It should also be noted that, by reason of the rigid connection between the mass of the tool and the geophone, the fact that the mass of the geophone is smaller than that of the tool prevents useful vibration of the geophone on reception of the high frequencies of the transmission spectrum. These high frequencies are thus eliminated and the result thereby achieved is much the same as if the tool body and the relative flexibilities of the borehole walls constituted a filter for these high frequencies.
The device employed in the second type of measurement also comprises tool-displacement means which are attached to the tool by traction and suspension means.
Irrespective of the nature of the tool traction and suspension means just mentioned and regardless of whether these means are flexible or rigid, or whether they consist of a traction cable or a rod, the measurements are performed one after the other in succession up to the full height of the borehole and in the following manner, for example.
The measuring tool is lowered to the desired depth or level, whereupon said tool is placed in position and maintained stationary against the borehole walls by means of retractable arms. The measurements are then performed in respect of the borehole level considered.
Since the next measurements are to be made at a higher level, the tool must be displaced in the upward direction by folding-back the retractable arms and by actuating the traction means. Another positioning operation is then performed in exactly the same manner as the operation mentioned above.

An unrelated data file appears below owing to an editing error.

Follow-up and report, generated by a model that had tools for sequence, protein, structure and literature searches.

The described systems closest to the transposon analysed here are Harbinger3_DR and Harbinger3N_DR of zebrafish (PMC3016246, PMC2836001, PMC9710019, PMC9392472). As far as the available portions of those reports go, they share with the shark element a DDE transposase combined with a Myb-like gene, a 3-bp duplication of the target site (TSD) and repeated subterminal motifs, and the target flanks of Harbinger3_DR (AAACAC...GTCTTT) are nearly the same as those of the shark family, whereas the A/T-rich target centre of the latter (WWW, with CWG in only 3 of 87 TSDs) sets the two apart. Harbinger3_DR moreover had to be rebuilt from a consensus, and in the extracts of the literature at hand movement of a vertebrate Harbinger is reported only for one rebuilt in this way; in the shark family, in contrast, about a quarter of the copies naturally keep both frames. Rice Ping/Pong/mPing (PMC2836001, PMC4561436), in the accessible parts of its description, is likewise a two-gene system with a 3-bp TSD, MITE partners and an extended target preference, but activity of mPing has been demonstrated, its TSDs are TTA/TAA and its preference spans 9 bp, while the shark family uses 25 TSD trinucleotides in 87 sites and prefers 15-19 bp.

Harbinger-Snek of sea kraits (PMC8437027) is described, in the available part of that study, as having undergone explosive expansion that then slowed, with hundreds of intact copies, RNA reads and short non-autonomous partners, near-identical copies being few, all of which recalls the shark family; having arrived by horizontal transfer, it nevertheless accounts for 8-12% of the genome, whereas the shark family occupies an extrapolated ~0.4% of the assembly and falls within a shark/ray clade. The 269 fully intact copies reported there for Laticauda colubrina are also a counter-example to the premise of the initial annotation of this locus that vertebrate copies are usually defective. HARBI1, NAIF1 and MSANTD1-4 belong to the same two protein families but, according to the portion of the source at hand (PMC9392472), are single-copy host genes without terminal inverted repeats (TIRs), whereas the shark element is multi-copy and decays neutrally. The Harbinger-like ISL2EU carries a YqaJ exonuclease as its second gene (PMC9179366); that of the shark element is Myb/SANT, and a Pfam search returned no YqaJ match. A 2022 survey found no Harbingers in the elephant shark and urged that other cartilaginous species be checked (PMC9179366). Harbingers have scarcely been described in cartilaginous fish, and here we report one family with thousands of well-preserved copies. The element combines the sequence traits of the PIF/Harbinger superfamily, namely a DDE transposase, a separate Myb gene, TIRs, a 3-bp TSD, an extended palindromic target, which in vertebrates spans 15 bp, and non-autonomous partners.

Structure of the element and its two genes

It is readily apparent that these sequential measurements also entail the need for sequential operation of the traction and displacement means which must be stopped during measurements and displaced between measurements. In the case of the traction cable, an additional operation is necessary. This consists in re-tensioning said cable at the end of each series of measurements since the cable is released throughout the duration of the measurements in order to ensure seismic decoupling of the tool with respect to the surface displacement means.
In consequence, it is apparent that there is a relatively substantial loss of time throughout the entire sequence of operations, which includes a certain number of successive adjustments for the different tool positions within the borehole.
BRIEF SUMMARY OF THE INVENTION
The present invention is more particularly concerned with the second type of measurement mentioned earlier but is equally applicable to the first type of measurement by making use of hydrophones instead of geophones or alternatively a combination of both types of measurement by utilizing both hydrophones and geophones.
The present invention is directed to an apparatus for producing geophysical measurements within a borehole, of the type comprising a measuring tool, at least one transducer mounted on said measuring tool, means for displacing the tool along the borehole wall, resilient means mounted on said tool and adapted to position the transducer in close proximity to said wall during each measurement stage. The distinctive feature of the invention lies in the fact that the measuring tool comprises an endless belt, at least part of which constitutes a support for said transducer, and means for producing continuous revolving motion of the endless belt. Said belt-revolving means are adapted to cooperate with means for retaining and positional locking of at least the transducer-supporting portion of said endless belt with respect to said borehole wall during each measurement stage.
When the tool-displacement means are continuously controlled so as to permit continuous displacement of the measuring tool, seismic decoupling between the displacement means and the measuring tool is achieved since the transducer is motionless during each measurement stage.